Posts Tagged ‘Family’

Lana Li
Tuesday, February 16th, 2016    Posted by Lana Li (posts)

As the baby boomer generation see their children move out of the house and settle into their careers and family, some are now re-examining their marriages or long term relationships and considering what they want to do, and with whom, during their retirement years.  According to Statistics Canada (Marital Status Overview: 2011), there were a greater number of divorced and separated couples over the age of 65 in 2011 than in 2006.  A Times article in October 2014 provides that 1 in 4 divorces in the United States are experienced by those over the age of 50 and 1 in 10 divorces are experienced by those over the age of 65.  Given the aging population, it will not be surprising that these statistics are on the rise.

The social and financial impact of “grey” divorces, a phrase coined to refer to the demographic trend of rising divorce rates for older (grey-haired) couples in long term relationships, can be significant.  While the mortgage on the family home may well be paid off by then, the cost of maintaining two households, even if by modest standards, will likely be higher than for one household, coupled with reduced income in retirement years.  One party may require additional homemaker support, assisted living, or a care facility if there are significant health issues, including dementia or Alzheimer’s.  For some couples, there will be less time to rebuild assets given that one or both may be nearing the end of his or her working life.  The cost of health care coverage may be significant if one party loses coverage upon separation or divorce, previously available through the other spouse’s benefits plan.  Pension splitting will need to be considered.  Family businesses may need to be split up and tax considerations will need to be considered.  If there are prior marriages or relationships, competing interests of all of the children or prior spouses may need to be considered.  Life insurance and beneficiary designations must be re-examined.

From the courts’ perspective, it is unlikely that a court will “force” one party to work beyond his or her age of retirement, especially if there are health issues, but it will examine closely one party’s decision to retire early and the reasons for it. Where a party continues to work after the age of 65, a court may consider that he or she will not retire, absent any health or other reasons for not working and the court may require that party to pay, or continue to pay, spousal support based on that expected working income.  A court will only allow “double dipping” (paying spousal support to a spouse from that part of pension income that has already been equalized) in limited circumstances.[1]  Where one spouse’s needs due to dementia can be determined with some mathematical certainty, spousal support can be ordered and such spousal support can be binding upon the payor’s estate.[2]  In some circumstances, spousal support will be refused if the payor requires all of his or her income to pay for care facility costs, the marriage was short, and the division of assets would adequately compensate the other spouse.[3]   Thus, even if there is need of the other spouse, there might not be sufficient income available to pay after the payor’s needs are taken into account.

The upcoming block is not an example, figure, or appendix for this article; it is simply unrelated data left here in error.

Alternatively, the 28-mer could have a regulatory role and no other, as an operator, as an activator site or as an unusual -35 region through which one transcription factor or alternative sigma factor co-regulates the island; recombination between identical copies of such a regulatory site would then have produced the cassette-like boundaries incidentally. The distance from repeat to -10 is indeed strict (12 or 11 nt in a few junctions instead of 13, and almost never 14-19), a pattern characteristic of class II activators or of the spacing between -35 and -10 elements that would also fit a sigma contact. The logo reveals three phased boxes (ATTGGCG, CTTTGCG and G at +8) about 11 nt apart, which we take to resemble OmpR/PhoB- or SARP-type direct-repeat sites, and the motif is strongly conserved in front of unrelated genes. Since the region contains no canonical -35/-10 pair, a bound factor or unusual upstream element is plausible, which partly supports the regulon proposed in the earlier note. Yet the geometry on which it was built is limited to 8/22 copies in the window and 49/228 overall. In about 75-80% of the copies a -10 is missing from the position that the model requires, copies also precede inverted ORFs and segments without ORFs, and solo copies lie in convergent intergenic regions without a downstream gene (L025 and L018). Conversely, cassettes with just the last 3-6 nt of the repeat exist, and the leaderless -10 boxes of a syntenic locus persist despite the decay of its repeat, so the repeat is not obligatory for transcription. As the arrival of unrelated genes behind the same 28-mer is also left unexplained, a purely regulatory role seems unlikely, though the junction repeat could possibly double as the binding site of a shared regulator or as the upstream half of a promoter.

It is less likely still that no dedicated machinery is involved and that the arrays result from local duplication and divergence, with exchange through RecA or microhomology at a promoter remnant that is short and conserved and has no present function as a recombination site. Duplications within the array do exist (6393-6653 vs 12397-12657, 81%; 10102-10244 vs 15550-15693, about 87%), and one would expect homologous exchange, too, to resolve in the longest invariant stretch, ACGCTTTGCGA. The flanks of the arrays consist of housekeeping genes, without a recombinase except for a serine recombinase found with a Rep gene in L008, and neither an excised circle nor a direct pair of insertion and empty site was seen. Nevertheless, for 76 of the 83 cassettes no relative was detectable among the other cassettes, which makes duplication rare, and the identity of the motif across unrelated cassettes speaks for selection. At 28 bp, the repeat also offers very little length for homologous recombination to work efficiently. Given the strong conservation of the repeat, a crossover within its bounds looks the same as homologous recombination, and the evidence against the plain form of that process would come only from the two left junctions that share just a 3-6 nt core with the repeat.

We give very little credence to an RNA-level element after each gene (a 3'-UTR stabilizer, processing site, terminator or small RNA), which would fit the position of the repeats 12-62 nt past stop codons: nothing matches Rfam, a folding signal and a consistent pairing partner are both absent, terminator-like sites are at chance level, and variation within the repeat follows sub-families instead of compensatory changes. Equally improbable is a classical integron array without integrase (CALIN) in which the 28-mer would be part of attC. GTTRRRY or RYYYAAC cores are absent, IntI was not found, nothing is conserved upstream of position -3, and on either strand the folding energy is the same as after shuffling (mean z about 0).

At the end of the day, those baby boomers who are facing divorce or dissolution of their relationship should obtain legal and financial advice to assist them in navigating these challenging issues.


[1] Boston v Boston, 2001 SCC 43

[2] S.(E.R.) v S(H.C.), 1998 CanLII 4619

[3] W.C.L. v A.J.L, 2003 BCSC 971

 

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Posted by Lana Li (posts) | Filed under Litigation and ADR | ....
Jennifer MacGregor-Greer
Friday, December 14th, 2012    Posted by Jennifer MacGregor-Greer (posts)
Jennifer MacGregor-Greer
Jennifer MacGregor-Greer is a senior associate with a broad corporate, securities and business transactions practice.

Many entrepreneurs perceive securities laws to apply only to large publicly-listed entities.  However, securities laws apply to every business, and business owners should include securities compliance in their corporate oversight regimes.  For an entity with a limited number of stakeholders, this is not an expensive or particularly onerous endeavour.

Securities law in Canada is regulated provincially.  While many Canadian jurisdictions have harmonized their securities regimes in recent years, there are certain differences across Canada.  The laws that apply to each business (called an “issuer” under securities law, as an issuer of securities) and investor depend primarily on the jurisdiction in which that issuer or investor resides.  While securities laws differ across Canada, we note that there are greater differences for businesses located in the United States, or for those planning to distribute securities to any investors resident in the United States.  This article is based on securities laws applicable in British Columbia.

Under securities law, every issuance of a “security” requires (a) the publication of a prospectus by the issuer, and (b) registration of any person who is in the business of trading the security.  A “security” can be a wide variety of instruments or things, ranging from shares, units and options, to debt instruments and investment contracts – in effect, anything that would result in a person having an interest in the business of the issuer.  The prospectus and registration requirements are meant to protect investors from the risks associated with investment.  However, most small businesses are able to rely upon exemptions from these requirements for much of their corporate lifespan.  For the most part, these exemptions are found in National Instrument 45-106 of the Canadian Securities Administrators, “Prospectus and Registration Exemptions”.